Beehive vs Wasp Nest: What’s the Difference?
We all know about our buzzing yellow jacket friends and we all know about our buzzing yellow jacket enemies, too. While one is black with yellow stripes, the other is yellow with black stripes, making them a very different species. These differences carry on into their choice of home, too: the beehive vs the wasp’s nest.
It’s actually very important to tell the difference between the two! With a continued decline in the global bee population and a steady demand for their honey, the United States has regulated bees. They have deemed it vital we all work together to make sure bees are kept safe.
If you have some kind of infestation, you’ll need to know what the pest is exactly to determine if it’s the pest control services you need to call, or a beekeeping nest removals firm.
A Brief Introduction to Bees and Wasps
Both bees and wasps are part of the Hymenoptera family. However, a little-known and interesting fact is that bees evolved from predatory wasps. This occurred approximately 120-million years ago, and has been proven with perfect fossils captured in solidified amber.
It is said a once-carnivorous queen wasp came into contact with pollen. This pollen then became a notable food source with protein that she distributed around the nest. This change allowed for the adaptation of anatomy along with the slow progression through changes in nesting, daily life, size, diet, behavior, and more.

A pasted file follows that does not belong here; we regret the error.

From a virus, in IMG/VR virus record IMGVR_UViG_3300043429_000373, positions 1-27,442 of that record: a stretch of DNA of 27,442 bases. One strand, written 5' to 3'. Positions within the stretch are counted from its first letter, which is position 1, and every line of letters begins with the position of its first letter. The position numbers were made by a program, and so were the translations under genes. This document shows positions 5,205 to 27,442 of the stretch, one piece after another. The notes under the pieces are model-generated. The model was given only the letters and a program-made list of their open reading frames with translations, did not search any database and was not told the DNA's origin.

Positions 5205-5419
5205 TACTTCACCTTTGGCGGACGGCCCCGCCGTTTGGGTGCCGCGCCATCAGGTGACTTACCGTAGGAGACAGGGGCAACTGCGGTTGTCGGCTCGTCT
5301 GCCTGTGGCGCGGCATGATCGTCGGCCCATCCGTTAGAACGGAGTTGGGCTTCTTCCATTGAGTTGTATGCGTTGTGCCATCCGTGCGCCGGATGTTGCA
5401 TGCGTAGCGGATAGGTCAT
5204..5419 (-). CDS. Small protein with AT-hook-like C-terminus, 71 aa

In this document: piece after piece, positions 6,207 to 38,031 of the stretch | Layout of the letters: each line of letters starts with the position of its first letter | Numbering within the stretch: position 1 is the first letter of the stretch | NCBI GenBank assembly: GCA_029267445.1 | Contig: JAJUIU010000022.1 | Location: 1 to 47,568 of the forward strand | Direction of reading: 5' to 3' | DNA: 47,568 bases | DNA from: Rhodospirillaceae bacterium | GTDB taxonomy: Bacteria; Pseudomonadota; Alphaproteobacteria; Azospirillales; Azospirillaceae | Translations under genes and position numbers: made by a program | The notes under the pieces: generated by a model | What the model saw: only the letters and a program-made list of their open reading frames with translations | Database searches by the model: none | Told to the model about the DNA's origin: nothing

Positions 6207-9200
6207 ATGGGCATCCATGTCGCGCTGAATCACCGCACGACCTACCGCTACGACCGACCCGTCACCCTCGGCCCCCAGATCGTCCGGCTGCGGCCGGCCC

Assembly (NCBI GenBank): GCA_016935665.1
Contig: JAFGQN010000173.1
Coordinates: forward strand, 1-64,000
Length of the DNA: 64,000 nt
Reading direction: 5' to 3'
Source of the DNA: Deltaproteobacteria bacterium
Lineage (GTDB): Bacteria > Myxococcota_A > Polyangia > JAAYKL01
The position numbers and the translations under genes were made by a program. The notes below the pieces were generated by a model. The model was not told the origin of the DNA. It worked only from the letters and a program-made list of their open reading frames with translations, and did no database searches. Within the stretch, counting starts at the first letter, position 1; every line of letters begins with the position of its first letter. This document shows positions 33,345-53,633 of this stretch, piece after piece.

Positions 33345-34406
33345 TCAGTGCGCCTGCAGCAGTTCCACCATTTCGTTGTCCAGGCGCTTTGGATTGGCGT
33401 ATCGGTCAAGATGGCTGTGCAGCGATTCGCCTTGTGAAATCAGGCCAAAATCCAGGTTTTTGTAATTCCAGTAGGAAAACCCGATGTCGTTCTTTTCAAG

What are the Main Differences Between Bees and Wasps?
There are three main differences (aside from their nesting grounds) between wasps and the bees. Using each of these factors, you should be able to determine whether you have a beehive or wasps nest pest problem.
The body of a wasp is notably longer and slimmer than its bumble-cousins. As well as this, the waist of a wasp is prominent, as it is where the body joins together.
The color of a wasp is much more bright and yellow-featured, while the colors of a bee can range anywhere from black to brown, and from gold to striped.
As is to be expected when an insect that dies after stinging, bees are innately against stinging those around them. However, they will sting when stressed or aggravated. Wasps, on the other hand, have more aggressive social tendencies, but will not sting unless disturbed. Needless to say, if you’ve been stung and the insect is dead on the ground, you’ve got a beehive on your hands.
How can you tell the difference between a wasp and a beehive?
Nests and hives are made of different materials and have different purposes. For one, bees live in a beehive and wasps live in a nest. Aside from this, there’s only two types of beehive, and three common types of wasp’s nest. Let’s go through them:
A. The Football Nest
If you find a nest in the shape of a football with smooth and long walls, you’ve most likely had an unlikely encounter with a hornet’s nest.
These nests are made by female wasps using saliva and pulp. They are often found in tree hollows, but are known to stray into chimneys and other darker areas.
B. The Hexagonal Umbrella Nest
This can be identified by its notably large hexagonal cross-section and umbrella-shape. They’ll often be attached under a roof for shelter, and they’ll be made out of paper. This is because they are made by the paper wasp.
These particular wasps chew on wood fibers to create a pulp. This is then used to form the nest.